FROM RESEARCH TO PRACTICE: New Science for Psychotherapy; Can We Predict How Therapy Will Progress?

Article excerpt

Until recently, research examining psychotherapy offered only limited guidance to practicing therapists. The structure of the typical study--from its university setting, to its elaborate controls to assure validity, to its carefully qualified conclusions (e.g. "more research is necessary")--mitigated against the direct application of research findings. Over the past few years, however, we have begun to see the emergence of research that is intended to influence practice and is designed for consumption by care providers. A prime example is the work of Kenneth Howard, a professor at Northwestern University.

Howard has long been on the cutting edge of practice-relevant psychotherapy research. In the 1960s, well before the interest in understanding the client's perspective and current discourse about the client's voice, Howard and his longtime colleague David Orlinsky asked clients and therapists directly about their experiences in psychotherapy. Their book on the results, Varieties of Psychotherapeutic Experience, remains an essential guide to the experience of psychotherapy. For the last decade, Howard has been investigating such vital questions as: "What progress can be expected in therapy?"; "What does an expected course of treatment for a particular problem look like?"; and "When can we say a therapy has had a fair trial and is not working?" This group of studies, which has important implications for clinicians, public-policy makers and those involved in the funding of mental health care, has earned Howard several awards, most recently the Distinguished Professional Contribution to Knowledge Award from the American Psychological Association.

Howard's work strongly supports the efficacy of psychotherapy. In his sample of some 15,000 clients treated in a wide range of settings and modalities, most treatments emerge as highly effective in helping individuals, couples and families resolve their difficulties and achieve their treatment goals. Howard emphasizes that a similar level of effectiveness has been found in numerous other samples (reviewed by Mark Lipsey and David Wilson in American Psychologist in December 1993), making psychotherapy among the most tested and empirically validated health interventions.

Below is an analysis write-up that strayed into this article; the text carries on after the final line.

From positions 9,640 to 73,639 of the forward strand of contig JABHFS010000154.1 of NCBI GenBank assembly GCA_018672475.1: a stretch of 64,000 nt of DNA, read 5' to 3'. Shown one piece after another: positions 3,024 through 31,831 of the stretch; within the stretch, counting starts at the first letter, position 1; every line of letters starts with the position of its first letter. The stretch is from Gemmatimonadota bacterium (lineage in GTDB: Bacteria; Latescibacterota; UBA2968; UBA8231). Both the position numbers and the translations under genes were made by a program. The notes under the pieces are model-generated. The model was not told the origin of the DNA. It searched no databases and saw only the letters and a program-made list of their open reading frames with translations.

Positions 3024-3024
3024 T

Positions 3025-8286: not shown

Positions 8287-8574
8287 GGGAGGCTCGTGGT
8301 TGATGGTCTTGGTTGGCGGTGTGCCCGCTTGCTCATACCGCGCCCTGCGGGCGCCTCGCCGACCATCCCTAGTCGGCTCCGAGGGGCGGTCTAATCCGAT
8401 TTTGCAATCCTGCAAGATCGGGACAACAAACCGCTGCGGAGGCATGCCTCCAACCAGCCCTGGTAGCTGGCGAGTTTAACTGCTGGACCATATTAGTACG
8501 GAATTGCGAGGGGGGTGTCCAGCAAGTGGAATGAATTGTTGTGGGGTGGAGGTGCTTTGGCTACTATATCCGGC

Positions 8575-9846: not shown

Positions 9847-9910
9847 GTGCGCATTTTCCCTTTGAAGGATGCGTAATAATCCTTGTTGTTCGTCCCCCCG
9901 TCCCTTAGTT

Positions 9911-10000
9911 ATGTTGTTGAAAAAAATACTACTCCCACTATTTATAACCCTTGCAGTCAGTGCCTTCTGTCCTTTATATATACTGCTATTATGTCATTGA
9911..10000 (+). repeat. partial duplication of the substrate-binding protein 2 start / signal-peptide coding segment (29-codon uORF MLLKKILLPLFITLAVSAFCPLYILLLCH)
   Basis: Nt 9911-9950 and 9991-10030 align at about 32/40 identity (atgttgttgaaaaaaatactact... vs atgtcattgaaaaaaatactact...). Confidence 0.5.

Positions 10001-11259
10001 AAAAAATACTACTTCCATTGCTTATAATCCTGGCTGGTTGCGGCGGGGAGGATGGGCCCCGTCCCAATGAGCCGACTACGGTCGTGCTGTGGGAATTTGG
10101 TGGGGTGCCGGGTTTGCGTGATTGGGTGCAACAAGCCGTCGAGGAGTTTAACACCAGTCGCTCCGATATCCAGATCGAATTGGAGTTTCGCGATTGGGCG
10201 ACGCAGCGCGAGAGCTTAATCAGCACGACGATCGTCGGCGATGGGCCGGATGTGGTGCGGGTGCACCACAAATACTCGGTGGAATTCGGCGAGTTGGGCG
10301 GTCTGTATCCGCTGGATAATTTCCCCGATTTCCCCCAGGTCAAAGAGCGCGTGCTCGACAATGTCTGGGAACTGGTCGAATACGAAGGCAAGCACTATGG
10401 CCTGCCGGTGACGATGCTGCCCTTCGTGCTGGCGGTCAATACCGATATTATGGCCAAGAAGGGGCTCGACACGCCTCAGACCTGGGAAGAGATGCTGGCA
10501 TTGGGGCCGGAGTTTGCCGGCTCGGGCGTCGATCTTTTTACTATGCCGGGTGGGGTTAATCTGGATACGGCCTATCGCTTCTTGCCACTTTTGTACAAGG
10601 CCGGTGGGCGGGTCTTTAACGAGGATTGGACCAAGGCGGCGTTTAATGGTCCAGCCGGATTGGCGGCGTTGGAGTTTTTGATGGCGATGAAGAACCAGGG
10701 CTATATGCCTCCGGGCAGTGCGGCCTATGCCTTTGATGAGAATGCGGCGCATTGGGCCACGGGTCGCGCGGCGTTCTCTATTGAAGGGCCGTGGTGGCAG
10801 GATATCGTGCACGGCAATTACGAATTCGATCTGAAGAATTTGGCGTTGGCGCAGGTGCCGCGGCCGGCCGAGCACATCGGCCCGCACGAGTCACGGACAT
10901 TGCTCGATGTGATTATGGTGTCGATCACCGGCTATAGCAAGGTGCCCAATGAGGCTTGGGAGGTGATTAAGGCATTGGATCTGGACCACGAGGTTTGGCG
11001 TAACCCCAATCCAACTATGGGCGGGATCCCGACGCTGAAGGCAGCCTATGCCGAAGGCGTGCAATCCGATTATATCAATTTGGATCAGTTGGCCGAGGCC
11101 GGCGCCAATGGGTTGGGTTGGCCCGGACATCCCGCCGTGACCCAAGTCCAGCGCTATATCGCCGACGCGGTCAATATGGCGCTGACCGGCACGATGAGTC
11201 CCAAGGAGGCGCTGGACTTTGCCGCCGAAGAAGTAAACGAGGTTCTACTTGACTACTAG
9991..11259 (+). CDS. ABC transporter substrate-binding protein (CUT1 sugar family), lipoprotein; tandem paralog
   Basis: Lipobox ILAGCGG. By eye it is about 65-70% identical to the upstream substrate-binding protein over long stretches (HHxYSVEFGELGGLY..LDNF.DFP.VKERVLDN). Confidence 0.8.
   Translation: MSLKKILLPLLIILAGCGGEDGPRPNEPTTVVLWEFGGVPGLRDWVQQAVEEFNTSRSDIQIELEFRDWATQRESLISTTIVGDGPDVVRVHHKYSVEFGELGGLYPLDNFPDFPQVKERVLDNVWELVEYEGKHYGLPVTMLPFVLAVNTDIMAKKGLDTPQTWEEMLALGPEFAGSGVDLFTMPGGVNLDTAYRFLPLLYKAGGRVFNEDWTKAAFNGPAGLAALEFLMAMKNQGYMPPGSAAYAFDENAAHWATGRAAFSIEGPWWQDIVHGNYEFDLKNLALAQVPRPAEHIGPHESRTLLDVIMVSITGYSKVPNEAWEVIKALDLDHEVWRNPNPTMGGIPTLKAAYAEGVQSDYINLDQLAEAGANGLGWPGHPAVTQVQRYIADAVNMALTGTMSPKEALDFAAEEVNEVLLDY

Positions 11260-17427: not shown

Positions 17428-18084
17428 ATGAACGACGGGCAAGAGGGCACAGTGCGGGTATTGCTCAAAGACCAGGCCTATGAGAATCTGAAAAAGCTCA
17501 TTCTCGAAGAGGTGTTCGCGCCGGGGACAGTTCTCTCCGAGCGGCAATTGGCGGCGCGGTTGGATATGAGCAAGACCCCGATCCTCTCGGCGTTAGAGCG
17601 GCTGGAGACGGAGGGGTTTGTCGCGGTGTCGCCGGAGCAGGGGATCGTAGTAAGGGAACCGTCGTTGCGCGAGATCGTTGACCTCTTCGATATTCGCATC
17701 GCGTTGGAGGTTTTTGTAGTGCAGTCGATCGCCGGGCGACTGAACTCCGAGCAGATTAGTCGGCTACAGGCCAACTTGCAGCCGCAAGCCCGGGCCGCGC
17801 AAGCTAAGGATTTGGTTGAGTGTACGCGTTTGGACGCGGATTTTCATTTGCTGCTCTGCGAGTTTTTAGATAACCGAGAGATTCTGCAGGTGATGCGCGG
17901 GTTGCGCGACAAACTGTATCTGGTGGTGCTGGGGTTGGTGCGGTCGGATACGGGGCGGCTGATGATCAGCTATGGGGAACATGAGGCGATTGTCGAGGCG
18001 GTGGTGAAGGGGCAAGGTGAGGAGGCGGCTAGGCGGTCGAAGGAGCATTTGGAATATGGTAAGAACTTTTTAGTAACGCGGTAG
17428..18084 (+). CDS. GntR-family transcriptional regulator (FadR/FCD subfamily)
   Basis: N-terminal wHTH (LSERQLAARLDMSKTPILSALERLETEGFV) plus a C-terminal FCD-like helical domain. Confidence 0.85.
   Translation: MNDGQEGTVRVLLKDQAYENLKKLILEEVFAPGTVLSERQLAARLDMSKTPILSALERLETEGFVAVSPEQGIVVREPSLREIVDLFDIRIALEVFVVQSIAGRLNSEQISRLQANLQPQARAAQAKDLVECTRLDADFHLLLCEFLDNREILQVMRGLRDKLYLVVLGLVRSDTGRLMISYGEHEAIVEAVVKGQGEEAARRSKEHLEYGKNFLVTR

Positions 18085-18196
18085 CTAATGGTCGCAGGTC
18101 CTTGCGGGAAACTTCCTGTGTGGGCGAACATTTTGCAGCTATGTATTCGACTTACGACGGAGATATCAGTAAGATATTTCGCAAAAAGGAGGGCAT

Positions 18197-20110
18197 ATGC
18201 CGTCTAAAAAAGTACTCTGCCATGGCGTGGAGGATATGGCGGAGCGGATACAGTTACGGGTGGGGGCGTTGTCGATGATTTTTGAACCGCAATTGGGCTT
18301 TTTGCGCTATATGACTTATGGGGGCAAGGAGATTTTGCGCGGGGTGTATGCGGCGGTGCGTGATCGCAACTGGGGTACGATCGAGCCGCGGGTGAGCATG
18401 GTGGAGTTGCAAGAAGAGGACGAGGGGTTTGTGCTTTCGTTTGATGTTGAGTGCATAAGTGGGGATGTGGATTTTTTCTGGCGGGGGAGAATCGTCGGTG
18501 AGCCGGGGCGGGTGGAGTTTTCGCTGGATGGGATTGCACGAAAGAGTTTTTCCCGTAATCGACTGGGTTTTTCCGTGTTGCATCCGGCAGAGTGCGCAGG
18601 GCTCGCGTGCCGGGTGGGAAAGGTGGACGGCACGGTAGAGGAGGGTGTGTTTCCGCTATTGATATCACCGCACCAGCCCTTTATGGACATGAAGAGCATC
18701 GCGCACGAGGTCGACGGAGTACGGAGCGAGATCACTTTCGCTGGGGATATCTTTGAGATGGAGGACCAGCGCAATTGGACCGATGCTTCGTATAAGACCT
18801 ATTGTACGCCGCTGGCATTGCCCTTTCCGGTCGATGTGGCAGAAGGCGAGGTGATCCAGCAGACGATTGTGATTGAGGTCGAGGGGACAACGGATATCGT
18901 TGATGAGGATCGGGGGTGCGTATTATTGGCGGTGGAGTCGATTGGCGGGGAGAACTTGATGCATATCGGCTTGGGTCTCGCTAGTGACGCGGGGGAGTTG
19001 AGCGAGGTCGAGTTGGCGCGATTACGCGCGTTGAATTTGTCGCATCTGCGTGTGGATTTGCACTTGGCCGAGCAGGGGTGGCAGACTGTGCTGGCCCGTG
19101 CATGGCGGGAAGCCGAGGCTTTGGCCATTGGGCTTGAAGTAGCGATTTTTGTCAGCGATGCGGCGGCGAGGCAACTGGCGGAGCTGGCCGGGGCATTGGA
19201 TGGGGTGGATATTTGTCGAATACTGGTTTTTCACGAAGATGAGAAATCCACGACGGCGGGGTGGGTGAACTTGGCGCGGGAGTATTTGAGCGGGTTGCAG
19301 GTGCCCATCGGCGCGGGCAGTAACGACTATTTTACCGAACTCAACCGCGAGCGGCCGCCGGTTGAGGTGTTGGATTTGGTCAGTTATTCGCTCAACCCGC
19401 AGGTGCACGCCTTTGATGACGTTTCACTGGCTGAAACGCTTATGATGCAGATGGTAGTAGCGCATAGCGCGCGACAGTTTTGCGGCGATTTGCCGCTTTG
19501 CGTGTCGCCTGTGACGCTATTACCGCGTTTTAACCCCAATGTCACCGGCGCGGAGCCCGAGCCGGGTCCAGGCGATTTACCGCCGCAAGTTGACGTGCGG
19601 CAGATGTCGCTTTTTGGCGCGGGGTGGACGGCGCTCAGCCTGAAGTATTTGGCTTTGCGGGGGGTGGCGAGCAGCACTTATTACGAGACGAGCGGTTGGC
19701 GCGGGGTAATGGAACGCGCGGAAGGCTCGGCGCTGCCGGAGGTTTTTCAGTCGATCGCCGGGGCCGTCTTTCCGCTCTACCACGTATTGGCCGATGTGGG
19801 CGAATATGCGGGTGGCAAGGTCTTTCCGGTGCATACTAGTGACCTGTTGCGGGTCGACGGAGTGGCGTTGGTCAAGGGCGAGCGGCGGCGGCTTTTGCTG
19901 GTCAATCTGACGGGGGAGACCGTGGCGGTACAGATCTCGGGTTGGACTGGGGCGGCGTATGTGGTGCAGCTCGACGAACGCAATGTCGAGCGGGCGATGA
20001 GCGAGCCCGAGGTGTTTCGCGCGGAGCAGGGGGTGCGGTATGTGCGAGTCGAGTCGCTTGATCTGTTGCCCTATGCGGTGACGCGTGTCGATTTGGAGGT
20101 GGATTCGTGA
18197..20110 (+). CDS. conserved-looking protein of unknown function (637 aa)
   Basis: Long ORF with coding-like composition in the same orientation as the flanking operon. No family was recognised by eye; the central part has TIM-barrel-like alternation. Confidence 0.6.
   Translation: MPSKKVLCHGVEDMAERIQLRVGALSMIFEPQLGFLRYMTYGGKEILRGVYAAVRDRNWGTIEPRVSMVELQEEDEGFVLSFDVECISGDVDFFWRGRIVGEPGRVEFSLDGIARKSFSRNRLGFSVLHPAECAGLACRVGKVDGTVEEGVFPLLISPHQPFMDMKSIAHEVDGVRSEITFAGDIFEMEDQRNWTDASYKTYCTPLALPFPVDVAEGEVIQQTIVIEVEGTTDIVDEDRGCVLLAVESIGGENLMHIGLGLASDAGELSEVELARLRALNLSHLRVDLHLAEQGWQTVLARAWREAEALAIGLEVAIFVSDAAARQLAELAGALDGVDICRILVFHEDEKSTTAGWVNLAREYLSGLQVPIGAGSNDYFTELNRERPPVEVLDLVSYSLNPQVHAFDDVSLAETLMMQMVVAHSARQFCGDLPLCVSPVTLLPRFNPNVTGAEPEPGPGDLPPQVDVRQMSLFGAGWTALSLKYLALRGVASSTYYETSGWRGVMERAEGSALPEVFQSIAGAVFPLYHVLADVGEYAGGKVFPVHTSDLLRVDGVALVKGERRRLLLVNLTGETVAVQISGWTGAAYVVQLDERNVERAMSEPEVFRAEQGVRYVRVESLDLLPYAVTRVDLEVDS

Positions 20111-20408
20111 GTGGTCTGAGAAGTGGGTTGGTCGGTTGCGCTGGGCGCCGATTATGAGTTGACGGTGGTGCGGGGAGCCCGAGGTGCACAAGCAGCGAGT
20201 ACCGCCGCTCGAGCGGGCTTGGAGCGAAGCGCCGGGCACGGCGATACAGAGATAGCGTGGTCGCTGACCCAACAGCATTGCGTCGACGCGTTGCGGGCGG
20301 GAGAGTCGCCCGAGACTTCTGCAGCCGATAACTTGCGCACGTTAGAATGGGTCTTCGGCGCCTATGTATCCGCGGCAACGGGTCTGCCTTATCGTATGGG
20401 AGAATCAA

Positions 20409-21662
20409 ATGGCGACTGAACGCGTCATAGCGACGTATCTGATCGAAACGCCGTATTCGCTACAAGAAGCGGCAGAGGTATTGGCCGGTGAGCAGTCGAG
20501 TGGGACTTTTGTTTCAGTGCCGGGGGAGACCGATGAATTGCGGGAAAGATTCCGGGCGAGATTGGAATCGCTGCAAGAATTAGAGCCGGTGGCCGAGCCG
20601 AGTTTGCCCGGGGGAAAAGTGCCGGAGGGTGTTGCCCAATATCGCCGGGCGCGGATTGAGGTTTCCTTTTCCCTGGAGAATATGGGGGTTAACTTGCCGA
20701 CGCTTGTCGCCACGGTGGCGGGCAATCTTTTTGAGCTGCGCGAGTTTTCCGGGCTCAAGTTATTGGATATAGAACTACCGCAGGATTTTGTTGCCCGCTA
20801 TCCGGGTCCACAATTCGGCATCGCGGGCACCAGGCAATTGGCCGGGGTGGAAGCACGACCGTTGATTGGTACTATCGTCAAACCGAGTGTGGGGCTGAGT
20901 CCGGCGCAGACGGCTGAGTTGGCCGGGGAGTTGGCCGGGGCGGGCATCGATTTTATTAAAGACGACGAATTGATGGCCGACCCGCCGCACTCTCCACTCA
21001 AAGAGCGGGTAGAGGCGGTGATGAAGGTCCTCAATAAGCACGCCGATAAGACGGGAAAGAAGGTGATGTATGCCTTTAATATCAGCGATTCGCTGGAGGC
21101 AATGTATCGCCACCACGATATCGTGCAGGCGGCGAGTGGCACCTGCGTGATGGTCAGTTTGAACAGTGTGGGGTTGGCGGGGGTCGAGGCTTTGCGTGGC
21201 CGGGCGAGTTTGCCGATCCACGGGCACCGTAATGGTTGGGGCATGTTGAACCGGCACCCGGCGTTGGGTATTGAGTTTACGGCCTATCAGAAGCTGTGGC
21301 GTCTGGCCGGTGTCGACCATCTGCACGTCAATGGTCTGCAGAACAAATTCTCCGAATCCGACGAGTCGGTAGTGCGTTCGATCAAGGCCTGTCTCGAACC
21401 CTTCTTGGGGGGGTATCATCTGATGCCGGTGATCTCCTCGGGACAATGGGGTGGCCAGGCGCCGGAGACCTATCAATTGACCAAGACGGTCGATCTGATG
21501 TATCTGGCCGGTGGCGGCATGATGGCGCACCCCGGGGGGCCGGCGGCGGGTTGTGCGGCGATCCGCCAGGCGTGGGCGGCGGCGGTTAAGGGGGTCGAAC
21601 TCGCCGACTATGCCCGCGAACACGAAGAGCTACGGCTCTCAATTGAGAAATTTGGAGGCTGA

Howard has developed what he terms the "Dosage-Response" Model for charting therapeutic progress. The concept behind the model is fairly simple: psychotherapy, like other health care interventions, should be evaluated in relation to its effectiveness at various dosages. Just as milligrams are the most appropriate measures for most medications, Howard argues that the most appropriate measure of dose in psychotherapy is the number of sessions. In charting the relation of sessions to outcome, Howard has uncovered a number of findings with important clinical implications:

* Feeling Better without Treatment. Many clients (5 to 10 percent) feel significantly better even before treatment begins. Change in these clients occurs between the time they make an appointment and the first session. As clinicians, we should remember to ask clients at the beginning of treatment, "How are you doing now?" rather than "What is the problem?" We should take care not to assume there is a current problem, even though there was one when the first appointment was scheduled. Clients who are no longer distressed may still wish to pursue psychotherapy for self-exploration or to improve their coping skills, but they do not require therapy to feel better. As therapists, we must be cautious about taking credit for these clients' improved feeling states (though scheduling a session may well have been critical in beginning the process of feeling better). Instead, these clients may best be thought of as candidates for interventions that help them to better understand and continue the positive steps they have already taken to improve their lives, e. …


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